• root
  • userA - the normal owner of the file
  • userB - the user that wants to write to the file

The file:

  • Let's say I have a basic text file: /tmp/file
  • Ownership: chown userA:groupA /tmp/file
  • Permissions are group + world writable: chmod 666 /tmp/file

The problem:

  • userB can't write to it via the world/everyone permission
  • userB also can't even write to it when they're in the groupA group
  • I'm only seeing this on a new Debian 11 host.
    • There's no issue on my Debian 10 hosts.

What does work:

  • If I chown root:root /tmp/file - no problem
    • ...this is the weirdest part to me. If this is some new security policy or something, then why is this allowed?
  • If I move the file outside /tmp - no problem

What's going on here?

Has something changed between Debian 10 -> 11?

There's nothing non-default about my /tmp dir. It's not a separate partition or anything, it's just the default subdir setup that Debian comes with.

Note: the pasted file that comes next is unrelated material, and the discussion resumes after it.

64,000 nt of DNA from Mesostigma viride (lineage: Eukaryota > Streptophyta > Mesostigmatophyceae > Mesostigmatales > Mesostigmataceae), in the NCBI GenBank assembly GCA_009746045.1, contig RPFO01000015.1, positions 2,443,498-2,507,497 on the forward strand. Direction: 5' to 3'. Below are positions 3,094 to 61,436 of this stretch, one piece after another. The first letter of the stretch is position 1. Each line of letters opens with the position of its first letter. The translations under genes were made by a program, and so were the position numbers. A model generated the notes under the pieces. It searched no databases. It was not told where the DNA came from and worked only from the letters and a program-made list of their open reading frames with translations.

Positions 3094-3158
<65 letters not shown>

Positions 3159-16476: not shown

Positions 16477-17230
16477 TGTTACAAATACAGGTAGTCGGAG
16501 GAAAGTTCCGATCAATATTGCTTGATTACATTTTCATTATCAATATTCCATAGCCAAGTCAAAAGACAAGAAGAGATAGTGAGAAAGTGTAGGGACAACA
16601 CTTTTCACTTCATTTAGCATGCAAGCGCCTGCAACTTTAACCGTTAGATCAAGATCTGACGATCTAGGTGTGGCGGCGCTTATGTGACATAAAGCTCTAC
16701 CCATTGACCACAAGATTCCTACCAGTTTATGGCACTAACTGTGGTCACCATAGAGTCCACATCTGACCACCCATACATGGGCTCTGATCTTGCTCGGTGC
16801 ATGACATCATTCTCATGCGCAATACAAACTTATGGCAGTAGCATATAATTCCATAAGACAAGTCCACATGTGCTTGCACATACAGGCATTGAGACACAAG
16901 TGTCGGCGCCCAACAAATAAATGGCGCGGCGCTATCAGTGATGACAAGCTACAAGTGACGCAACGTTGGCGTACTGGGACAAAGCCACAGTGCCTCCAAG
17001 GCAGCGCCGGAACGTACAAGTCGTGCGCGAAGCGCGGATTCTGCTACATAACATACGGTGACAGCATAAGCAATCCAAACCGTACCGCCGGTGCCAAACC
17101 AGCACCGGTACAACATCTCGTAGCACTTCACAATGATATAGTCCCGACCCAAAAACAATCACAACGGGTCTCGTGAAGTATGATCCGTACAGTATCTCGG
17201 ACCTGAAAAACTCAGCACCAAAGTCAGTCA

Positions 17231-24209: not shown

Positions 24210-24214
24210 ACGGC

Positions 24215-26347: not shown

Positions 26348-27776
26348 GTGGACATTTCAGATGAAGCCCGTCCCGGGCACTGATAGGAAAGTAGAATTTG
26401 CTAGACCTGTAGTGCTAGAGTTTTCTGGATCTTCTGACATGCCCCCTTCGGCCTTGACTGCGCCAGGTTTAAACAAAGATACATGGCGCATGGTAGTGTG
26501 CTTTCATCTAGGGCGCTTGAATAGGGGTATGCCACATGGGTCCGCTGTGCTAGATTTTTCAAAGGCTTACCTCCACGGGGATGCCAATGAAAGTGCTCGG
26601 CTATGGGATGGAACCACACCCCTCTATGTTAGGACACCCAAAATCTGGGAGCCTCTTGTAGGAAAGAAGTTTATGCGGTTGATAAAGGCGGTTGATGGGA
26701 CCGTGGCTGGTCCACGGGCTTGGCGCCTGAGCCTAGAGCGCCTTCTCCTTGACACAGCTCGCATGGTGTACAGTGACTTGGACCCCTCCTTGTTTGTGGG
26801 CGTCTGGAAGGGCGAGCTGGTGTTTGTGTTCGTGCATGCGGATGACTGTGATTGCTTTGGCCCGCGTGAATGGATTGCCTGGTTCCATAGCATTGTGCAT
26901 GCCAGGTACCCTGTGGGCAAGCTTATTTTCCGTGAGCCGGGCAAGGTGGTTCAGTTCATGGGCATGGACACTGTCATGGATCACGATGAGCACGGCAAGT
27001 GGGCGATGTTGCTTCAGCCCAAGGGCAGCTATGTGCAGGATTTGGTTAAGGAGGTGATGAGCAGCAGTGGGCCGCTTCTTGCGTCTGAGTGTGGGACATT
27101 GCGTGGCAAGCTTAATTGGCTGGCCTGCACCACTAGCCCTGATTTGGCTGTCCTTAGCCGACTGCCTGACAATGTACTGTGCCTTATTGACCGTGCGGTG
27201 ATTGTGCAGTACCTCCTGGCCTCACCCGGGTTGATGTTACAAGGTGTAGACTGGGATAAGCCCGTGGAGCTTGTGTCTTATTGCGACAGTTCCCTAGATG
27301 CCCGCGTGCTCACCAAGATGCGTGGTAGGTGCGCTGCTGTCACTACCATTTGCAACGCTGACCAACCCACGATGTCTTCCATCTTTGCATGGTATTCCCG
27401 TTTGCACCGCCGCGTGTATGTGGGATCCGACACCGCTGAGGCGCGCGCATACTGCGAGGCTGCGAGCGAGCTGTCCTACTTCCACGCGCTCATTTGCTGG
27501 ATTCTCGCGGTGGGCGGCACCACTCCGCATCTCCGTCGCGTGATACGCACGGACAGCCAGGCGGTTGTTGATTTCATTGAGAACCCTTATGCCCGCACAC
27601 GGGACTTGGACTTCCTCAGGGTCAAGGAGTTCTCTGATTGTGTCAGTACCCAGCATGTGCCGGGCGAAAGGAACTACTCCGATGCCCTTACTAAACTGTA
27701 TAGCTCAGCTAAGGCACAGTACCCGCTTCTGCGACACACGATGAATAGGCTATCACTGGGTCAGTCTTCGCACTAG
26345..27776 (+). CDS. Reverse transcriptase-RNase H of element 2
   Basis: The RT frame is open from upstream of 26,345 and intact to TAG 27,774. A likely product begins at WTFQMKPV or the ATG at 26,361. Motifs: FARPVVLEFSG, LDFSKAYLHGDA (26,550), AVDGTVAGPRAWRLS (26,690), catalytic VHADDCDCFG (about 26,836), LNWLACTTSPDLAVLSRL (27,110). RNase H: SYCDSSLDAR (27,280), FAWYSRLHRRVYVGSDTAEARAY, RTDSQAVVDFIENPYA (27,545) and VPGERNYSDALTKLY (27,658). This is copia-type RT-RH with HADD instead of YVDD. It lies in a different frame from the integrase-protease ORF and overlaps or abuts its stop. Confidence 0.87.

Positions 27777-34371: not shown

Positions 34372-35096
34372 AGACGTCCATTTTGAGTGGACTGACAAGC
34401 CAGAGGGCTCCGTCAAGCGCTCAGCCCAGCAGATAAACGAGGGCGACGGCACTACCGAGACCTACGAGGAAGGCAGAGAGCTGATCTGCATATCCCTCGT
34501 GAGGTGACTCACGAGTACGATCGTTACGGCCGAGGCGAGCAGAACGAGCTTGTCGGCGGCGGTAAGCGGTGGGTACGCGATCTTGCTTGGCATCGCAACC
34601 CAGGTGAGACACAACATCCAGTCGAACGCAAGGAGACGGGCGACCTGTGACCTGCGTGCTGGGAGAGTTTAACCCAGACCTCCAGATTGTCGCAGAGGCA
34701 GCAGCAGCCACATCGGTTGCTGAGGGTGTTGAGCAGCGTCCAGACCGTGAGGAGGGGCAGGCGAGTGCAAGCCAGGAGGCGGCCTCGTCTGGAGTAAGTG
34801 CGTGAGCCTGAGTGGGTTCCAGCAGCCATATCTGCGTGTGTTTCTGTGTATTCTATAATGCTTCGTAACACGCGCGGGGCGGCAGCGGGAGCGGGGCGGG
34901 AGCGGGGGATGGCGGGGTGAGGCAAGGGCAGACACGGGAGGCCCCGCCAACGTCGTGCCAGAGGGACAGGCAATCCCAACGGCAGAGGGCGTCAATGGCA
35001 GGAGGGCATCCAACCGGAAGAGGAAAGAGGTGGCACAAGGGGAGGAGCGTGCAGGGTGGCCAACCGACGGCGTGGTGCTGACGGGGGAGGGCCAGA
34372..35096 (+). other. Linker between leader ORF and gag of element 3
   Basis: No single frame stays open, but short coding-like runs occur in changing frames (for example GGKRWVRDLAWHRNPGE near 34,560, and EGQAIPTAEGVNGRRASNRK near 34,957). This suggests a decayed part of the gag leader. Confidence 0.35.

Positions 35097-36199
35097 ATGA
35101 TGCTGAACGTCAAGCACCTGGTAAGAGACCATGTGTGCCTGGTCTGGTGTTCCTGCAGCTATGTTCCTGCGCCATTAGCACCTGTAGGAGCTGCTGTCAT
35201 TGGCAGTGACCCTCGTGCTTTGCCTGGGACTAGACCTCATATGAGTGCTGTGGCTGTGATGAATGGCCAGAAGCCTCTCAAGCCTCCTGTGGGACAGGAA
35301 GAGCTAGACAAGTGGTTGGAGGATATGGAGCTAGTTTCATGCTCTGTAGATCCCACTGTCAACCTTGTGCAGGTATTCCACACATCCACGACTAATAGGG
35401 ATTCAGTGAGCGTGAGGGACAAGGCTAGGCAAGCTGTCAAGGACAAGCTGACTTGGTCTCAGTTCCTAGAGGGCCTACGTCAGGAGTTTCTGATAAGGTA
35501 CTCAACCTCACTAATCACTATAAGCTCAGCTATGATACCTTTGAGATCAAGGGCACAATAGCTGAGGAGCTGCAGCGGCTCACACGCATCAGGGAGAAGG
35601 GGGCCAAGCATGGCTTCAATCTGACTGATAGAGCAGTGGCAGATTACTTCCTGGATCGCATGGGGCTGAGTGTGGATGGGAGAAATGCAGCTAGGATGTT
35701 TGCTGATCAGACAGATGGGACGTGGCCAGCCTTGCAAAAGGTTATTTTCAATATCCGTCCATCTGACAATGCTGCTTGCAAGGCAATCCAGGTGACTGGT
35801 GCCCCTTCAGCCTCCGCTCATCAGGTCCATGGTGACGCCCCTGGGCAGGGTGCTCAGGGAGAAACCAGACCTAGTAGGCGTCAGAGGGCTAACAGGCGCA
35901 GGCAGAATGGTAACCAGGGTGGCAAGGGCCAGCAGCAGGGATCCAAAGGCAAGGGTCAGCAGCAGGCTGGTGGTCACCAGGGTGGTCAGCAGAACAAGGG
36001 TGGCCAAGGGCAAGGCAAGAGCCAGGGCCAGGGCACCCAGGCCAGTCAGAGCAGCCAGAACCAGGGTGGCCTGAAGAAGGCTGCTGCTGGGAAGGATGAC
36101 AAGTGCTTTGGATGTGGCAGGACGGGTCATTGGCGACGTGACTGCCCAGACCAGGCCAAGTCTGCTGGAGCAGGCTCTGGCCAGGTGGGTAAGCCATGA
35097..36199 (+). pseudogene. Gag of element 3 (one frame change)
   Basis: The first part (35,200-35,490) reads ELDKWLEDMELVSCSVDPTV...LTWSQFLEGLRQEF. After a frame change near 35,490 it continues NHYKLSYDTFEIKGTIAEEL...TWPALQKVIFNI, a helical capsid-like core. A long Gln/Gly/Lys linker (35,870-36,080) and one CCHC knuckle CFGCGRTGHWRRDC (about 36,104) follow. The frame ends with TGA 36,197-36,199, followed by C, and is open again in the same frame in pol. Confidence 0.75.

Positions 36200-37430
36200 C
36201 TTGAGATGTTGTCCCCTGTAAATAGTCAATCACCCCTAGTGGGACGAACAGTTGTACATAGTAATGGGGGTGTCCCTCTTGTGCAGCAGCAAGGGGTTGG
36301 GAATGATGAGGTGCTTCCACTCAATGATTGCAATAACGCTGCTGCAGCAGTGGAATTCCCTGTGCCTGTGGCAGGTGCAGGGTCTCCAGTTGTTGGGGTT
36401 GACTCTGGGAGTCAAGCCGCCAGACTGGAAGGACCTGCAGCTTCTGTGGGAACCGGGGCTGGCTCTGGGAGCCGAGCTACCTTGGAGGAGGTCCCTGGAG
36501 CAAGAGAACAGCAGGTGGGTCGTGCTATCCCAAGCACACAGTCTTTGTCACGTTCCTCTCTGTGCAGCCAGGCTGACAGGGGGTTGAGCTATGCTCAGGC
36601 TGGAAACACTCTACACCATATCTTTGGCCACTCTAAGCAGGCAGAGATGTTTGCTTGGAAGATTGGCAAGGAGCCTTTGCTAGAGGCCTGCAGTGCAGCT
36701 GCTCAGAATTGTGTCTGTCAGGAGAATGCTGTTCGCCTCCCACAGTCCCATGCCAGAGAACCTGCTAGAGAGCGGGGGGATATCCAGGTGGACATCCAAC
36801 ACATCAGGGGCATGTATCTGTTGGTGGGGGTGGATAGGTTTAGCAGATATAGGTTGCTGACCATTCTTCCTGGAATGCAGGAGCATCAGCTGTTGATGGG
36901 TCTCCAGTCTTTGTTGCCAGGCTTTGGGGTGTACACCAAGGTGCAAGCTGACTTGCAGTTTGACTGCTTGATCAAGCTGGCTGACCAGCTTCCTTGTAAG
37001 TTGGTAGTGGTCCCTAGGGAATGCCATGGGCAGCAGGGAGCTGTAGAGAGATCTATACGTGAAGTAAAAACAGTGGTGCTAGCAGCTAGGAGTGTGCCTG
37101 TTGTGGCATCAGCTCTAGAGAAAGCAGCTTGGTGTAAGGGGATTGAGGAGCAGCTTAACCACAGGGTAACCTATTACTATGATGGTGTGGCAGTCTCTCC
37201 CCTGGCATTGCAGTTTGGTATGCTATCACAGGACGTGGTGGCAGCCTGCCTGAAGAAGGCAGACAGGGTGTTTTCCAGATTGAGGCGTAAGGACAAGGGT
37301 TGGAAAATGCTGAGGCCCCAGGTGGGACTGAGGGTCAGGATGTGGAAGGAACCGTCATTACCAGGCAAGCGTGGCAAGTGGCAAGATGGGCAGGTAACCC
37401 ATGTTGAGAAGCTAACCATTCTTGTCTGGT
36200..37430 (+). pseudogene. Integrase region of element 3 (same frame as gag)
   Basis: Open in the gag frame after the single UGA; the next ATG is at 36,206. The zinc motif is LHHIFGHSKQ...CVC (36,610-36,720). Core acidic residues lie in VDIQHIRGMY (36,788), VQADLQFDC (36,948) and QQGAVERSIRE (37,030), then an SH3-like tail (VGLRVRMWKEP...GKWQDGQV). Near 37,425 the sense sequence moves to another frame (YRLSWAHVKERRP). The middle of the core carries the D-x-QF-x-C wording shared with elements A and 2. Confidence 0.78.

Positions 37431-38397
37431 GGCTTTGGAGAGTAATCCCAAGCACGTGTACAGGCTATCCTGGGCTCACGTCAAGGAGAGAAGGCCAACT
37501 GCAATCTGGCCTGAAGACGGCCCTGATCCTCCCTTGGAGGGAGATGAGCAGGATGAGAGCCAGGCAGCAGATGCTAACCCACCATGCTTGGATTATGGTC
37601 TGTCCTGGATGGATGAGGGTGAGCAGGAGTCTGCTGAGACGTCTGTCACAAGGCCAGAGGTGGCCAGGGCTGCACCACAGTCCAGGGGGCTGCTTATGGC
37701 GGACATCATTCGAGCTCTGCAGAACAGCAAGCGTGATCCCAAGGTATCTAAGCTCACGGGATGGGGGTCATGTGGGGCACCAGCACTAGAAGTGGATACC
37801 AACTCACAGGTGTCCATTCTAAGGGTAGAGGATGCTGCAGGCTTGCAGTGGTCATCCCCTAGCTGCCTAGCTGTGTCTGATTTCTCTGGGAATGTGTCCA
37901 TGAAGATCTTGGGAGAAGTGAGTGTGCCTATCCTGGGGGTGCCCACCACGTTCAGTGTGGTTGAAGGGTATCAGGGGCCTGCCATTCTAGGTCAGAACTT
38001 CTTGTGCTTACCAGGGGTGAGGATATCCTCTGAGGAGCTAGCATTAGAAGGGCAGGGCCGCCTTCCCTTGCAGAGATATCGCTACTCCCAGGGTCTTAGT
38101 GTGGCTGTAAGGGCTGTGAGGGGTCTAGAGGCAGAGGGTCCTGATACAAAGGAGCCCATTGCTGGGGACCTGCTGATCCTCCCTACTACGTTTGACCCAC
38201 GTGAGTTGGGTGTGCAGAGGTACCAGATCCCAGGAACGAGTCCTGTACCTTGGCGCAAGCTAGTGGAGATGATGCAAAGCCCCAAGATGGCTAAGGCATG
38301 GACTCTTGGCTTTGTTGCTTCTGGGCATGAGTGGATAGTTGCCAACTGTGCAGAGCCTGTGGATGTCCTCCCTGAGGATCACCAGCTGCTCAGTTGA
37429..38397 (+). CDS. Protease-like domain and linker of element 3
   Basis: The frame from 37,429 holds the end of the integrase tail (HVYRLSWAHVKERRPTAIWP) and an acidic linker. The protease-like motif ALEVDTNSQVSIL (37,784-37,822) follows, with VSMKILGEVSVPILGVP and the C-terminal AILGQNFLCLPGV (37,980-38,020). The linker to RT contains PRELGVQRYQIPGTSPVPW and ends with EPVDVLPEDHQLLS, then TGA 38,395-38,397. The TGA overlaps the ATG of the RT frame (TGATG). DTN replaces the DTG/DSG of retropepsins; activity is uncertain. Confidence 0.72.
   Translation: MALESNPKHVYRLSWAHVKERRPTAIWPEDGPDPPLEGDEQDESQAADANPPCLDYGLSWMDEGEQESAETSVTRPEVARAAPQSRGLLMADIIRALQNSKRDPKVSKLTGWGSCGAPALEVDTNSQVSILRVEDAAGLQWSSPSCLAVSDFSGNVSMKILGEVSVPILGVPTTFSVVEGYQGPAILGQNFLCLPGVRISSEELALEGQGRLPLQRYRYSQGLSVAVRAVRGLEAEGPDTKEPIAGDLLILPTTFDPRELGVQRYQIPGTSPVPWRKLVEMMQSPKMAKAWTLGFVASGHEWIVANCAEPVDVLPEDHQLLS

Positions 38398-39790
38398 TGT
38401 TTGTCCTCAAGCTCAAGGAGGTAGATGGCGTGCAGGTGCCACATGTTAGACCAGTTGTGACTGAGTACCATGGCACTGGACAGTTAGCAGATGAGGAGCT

1 Answer 1

  • So I typed my question up, and then realized that I should also try writing to the file as root... and was surprised that not even that was allowed either.

    • Perhaps that's why I didn't find much info in all my initial searches trying to figure this out. Most other users tried that first I guess, so their thread titles are a bit different to what I was looking for.
    • So hopefully me still posting + answering this can help someone in the future, if they happen to use search terms like I was.
  • It seems that the cause is the new default setting on sysctl fs.protected_regular

  • I'm still a bit surprised by the fact that userB can write to the file if root:root owns it. But I guess there needs to be some way to really allow world writable files.

    • Although it being owned by root feels like a kinda reverse way to do it. I'm keen to hear if anyone has any insights into why this is allowed.

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